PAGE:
Give Every Child in Your Zip Code a Large Gray Shirt For the Holidays

This year for the holidays, a group of child advocates came up with a great gift idea for the Christmas stockings of every low and middle-income student in your zip code. It is a large gray t-shirt. The size or age of the child doesn’t matter. Just put the shirt in there and we will be good to go. As one member of the government-funded One Size For All Shirt Company explained, “What is good for one is good for all. That is the equitable way to do things.”

The employees at the OSFAS company are excited to take this nation-wide. They are tired and frustrated by the countless shirt companies boasting about their different sizes, styles, colors, and materials; even some who provide shirts tailored to fit each person. All of this is draining money from the OSFAS company. In fact, OSFAS advocates have collected ample research to show how those other shirt sellers are wasting money, engaging in unethical practices, and they are not actually creating any new value for young people. As primary evidence, to direct us to the National Assessment for Shirt Efficacy, a test that measures the impact of shirts upon several factors deemed most important by policymakers and other important people.

Representatives from the OSFAS Company explain it this way.

“These other shirt manufacturers clearly do not care about children, their well-being, or their future. They are in it for themselves. There was a time when we had a good, solid, single-size shirt provider (and manufacturer) in each neighborhood, freely distributing these shirts to any and all children who need or want it. Almost every child received shirts from that one local store (with the exception of a small percentage who opted to pay more for custom clothing at more expensive stores, or the rare family who made their own shirts). They were happy with this situation. Workers at the local OSFAS store and manufacturer were paid well and produced good, solid, single-size shirts for the local children.”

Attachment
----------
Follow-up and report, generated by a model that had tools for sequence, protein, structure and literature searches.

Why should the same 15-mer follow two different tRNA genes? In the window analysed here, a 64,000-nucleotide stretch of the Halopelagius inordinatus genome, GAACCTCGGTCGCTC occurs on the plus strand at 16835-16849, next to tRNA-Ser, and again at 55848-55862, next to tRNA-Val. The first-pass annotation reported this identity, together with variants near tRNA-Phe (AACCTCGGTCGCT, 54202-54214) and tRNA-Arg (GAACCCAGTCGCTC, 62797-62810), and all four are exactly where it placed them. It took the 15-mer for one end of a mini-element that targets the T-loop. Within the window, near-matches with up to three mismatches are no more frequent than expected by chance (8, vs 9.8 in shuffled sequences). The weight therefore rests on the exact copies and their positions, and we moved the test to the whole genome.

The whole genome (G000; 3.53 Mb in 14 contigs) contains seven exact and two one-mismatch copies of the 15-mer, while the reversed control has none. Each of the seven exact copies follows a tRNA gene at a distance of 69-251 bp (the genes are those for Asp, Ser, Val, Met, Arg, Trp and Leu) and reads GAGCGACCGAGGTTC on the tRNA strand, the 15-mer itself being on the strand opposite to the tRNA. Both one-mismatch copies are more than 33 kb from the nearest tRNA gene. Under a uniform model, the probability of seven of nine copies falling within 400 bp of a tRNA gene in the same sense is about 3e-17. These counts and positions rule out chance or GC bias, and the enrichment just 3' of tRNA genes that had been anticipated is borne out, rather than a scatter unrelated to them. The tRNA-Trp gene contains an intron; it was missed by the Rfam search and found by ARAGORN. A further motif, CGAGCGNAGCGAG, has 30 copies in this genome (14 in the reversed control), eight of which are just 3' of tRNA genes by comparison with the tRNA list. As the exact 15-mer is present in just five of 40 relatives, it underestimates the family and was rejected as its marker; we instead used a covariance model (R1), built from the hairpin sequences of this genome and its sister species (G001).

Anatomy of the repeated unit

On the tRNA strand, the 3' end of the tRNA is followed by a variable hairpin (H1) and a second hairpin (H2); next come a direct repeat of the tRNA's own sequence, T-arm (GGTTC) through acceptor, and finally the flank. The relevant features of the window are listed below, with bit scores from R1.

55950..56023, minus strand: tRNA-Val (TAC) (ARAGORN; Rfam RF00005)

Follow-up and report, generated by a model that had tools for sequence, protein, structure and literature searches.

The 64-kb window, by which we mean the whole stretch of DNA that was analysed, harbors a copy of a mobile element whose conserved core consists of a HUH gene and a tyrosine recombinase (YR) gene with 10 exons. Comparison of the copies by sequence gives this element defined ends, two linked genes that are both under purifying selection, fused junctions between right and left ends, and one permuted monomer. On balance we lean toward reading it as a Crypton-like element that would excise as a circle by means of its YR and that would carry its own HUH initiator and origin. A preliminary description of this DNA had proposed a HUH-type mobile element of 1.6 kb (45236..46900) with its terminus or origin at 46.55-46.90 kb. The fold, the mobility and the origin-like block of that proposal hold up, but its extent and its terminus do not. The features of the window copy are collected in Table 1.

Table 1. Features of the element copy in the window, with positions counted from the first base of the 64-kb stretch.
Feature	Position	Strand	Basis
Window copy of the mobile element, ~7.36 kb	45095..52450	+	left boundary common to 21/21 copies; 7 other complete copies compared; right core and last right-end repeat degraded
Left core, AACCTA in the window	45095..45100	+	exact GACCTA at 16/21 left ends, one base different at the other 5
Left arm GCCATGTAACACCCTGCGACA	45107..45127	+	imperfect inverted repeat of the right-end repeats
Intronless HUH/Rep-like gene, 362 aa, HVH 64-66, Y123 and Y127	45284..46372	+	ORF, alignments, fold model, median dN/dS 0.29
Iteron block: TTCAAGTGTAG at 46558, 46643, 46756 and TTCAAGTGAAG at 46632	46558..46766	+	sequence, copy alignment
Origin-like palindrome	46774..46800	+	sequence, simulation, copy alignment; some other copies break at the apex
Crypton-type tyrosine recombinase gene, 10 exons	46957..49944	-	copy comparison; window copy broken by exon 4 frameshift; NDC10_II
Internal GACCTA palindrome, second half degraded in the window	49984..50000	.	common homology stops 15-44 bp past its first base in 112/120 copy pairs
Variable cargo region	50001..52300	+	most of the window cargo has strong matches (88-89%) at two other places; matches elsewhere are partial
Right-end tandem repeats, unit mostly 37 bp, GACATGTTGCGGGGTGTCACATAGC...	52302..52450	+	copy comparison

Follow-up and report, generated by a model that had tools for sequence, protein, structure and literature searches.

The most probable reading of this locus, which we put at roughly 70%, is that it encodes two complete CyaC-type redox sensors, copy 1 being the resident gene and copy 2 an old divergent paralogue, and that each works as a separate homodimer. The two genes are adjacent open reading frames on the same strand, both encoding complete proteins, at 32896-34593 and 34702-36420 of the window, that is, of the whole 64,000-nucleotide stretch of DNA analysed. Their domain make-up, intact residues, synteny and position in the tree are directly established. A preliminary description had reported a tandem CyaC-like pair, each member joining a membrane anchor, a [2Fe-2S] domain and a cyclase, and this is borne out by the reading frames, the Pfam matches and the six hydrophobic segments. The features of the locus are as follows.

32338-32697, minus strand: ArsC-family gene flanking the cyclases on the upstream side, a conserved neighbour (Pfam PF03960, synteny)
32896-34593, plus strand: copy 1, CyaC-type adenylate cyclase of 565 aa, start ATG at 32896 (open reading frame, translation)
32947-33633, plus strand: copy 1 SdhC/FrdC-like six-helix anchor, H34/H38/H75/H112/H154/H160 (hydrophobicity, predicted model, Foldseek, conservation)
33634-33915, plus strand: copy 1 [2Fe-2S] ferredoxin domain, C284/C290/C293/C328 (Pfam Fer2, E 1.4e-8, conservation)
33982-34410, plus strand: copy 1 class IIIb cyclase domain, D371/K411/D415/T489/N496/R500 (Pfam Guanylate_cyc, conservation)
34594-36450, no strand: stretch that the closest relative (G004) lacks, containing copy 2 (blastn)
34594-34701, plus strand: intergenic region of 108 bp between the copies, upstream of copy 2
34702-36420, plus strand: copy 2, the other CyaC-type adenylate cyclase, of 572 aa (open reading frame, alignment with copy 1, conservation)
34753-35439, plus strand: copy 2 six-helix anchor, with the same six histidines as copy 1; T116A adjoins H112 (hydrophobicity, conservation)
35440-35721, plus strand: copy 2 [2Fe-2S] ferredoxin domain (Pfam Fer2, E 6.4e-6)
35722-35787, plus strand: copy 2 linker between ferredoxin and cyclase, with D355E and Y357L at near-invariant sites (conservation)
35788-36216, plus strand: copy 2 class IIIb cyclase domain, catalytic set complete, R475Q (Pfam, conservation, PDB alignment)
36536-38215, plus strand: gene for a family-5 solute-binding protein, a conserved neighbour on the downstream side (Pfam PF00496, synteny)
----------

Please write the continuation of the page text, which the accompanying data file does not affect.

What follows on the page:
This is in contrast to today, when families sometimes have more than ten or twenty local choices for shirts (and even the ability to order shirts from anywhere in the world), some at an extra cost, but others as part of the government-funded free shirt distribution program. It is breaking the old and beautiful shirt distribution system, and many are concerned. As explained by the President of a local OSFAS Worker Union, “We care deeply about the future of our children, and these other shirt providers must go.”

Still others point to corruption in many of these shirt companies. They use this to argue that we are better off returning to the one size policy of old, at least for the majority of middle and lower class children.

Shirt choice proponents argue that this growing choice is best for all people. The founder of a personalized clothing manufacturer recently explained, “Why should we force low-income families to stuff their children in a single size shirt? Do we really believe that a large shirt is going to serve the 75 pound and 200 pound student equally?” OSFAS champions were quick to explain that we just need to make that 75 pound kid eat more, and put the other one on a diet. “If they just trust us to do our job, we can fix those kids.”

While the shirt choice movement has been gaining momentum for years, many OSFAS advocates are hopeful that they can regain control in the upcoming years, and their holiday campaign for one-size t-shirts in the Christmas stockings is just the beginning of a long list of strategic initiatives.

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About Bernard Bull

Dr. Bernard Bull is an author, professor of education, Vice Provost of Curriculum and Academic Innovation; as well as Founder and CEO of Birdhouse Learning Labs. Some of his books include Missional Moonshots: Insights and Inspiration for Educational Innovation, What Really Matters: Ten Critical Issues in Contemporary Education, The Pedagogy of Faith (editor), Adventures in Self-Directed Learning, and Digitized: Spiritual Implications of Technology. He is passionate about futures in education; educational innovation; and social entrepreneurship.

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